UK Tories drop animal welfare protection plan – POLITICO
LONDON — A bill to boost animal welfare and championed by Boris Johnson has been shelved, the UK government confirmed on Thursday – prompting immediate ire from some of its own MPs.
Ministers have faced allegations of backsliding – including from the Tory benches – after a minister said the UK would drop its kept animals bill and instead seek only to other means of introducing some of its measures.
Promised by former Prime Minister Johnson – who introduced other protective measures including a bill recognizing animals as sentient beings – the legislation would have imposed new restrictions on puppy imports and ended export live animals for fattening and slaughter. The bill had already been blocked once and was reintroduced in the Commons last May.
Announcing the move in the House of Commons on Thursday, Environment Minister Mark Spencer insisted the government would still deliver on commitments in the Conservative 2019 animal welfare manifesto. But he said the move was necessary to prevent the measures from becoming “bogged down in a political game”.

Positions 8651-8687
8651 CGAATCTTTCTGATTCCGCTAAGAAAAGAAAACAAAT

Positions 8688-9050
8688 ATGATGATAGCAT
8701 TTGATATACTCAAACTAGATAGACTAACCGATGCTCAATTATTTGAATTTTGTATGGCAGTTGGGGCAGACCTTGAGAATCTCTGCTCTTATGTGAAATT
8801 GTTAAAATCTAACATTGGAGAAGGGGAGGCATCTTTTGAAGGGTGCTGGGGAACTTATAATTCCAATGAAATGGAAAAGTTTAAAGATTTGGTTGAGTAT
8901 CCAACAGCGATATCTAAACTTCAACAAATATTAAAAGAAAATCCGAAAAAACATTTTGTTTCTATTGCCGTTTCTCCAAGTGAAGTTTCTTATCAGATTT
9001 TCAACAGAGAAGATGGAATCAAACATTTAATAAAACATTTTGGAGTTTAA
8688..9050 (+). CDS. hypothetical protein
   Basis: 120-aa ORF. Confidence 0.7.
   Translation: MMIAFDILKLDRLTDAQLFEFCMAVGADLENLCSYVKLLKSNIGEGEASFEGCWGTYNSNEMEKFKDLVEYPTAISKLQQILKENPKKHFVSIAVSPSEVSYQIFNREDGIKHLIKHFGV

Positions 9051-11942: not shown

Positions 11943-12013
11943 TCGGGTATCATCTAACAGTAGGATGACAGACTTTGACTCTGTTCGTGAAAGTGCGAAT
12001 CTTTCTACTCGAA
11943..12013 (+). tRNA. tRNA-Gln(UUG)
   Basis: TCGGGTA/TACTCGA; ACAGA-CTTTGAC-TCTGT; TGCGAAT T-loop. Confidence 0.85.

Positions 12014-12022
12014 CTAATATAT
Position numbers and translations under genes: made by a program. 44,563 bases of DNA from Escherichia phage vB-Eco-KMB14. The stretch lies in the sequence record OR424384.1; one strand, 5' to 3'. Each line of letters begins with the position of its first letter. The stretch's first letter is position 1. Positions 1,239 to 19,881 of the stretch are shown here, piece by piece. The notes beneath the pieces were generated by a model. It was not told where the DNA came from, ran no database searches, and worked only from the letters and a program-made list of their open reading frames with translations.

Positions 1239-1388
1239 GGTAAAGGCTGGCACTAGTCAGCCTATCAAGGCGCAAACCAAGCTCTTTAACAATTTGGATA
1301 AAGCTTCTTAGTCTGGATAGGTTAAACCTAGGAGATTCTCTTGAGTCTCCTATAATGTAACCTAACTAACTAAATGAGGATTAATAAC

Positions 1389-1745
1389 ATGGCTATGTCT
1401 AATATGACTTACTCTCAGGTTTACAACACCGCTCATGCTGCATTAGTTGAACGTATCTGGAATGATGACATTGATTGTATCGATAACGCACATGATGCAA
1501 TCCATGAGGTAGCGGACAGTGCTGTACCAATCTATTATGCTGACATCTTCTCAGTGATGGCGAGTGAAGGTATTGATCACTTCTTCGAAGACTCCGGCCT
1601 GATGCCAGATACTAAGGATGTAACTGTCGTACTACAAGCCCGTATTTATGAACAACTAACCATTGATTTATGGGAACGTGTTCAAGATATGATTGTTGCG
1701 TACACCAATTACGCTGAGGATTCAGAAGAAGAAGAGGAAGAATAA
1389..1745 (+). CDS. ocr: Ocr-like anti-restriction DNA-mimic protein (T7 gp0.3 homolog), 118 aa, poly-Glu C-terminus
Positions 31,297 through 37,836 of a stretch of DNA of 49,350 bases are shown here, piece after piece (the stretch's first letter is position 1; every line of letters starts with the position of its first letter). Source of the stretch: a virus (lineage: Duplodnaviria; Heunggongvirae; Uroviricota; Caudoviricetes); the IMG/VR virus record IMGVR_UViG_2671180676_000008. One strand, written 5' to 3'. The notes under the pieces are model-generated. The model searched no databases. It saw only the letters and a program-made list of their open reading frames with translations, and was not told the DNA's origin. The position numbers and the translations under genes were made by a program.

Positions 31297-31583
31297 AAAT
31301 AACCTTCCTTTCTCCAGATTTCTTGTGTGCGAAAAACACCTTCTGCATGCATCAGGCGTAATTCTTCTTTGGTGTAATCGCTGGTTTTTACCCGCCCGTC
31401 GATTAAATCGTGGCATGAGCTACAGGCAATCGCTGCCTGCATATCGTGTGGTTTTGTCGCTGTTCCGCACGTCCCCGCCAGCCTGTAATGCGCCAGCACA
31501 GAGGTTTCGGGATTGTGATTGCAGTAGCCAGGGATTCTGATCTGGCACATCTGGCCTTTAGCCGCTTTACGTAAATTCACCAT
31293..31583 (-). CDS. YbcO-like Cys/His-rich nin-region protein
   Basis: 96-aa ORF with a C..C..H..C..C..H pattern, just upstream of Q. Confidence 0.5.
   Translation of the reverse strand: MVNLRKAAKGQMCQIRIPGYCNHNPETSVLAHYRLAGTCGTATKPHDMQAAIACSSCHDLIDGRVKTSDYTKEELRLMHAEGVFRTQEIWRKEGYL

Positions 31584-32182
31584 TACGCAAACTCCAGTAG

“The bill risked being stretched well beyond the initial manifesto and action plan commitments,” he argued.
But the announcement angered the opposition and some Green Conservative MPs.
Tory MP Theresa Villiers, a former environment secretary, said she felt “a sense of frustration” that the Bill would not make it back to Parliament, while Tory backbench MP Giles Watling said to the Spectator that he was “profoundly disappointed to learn that this bill which I have been calling for, for a long time now, can be dropped for apparently no good reason.”
The conservative Animal Welfare Foundation – whose members include Tory lawmakers – immediately denounced “the missed opportunity to further improve animal welfare and protection across the UK”.
The group warned in a statement: “Almost 14 million people elected this government on a platform that promised to deliver for animals.
“More recently, the continuation of this bill was promised by Prime Minister Rishi Sunak in 2022 during his leadership campaign. It is these promises that we call on the government to honor today and ensure that provisions to improve the lives of large numbers of animals set out in the Kept Animals Bill are implemented in legislation.”
Alex Sobel, Labor’s shadow nature minister, said the announcement was “a huge step backwards for animal welfare”.
The Humane Society, a non-profit promoting an end to animal suffering, called the move “a stunning betrayal of both animals and public trust.”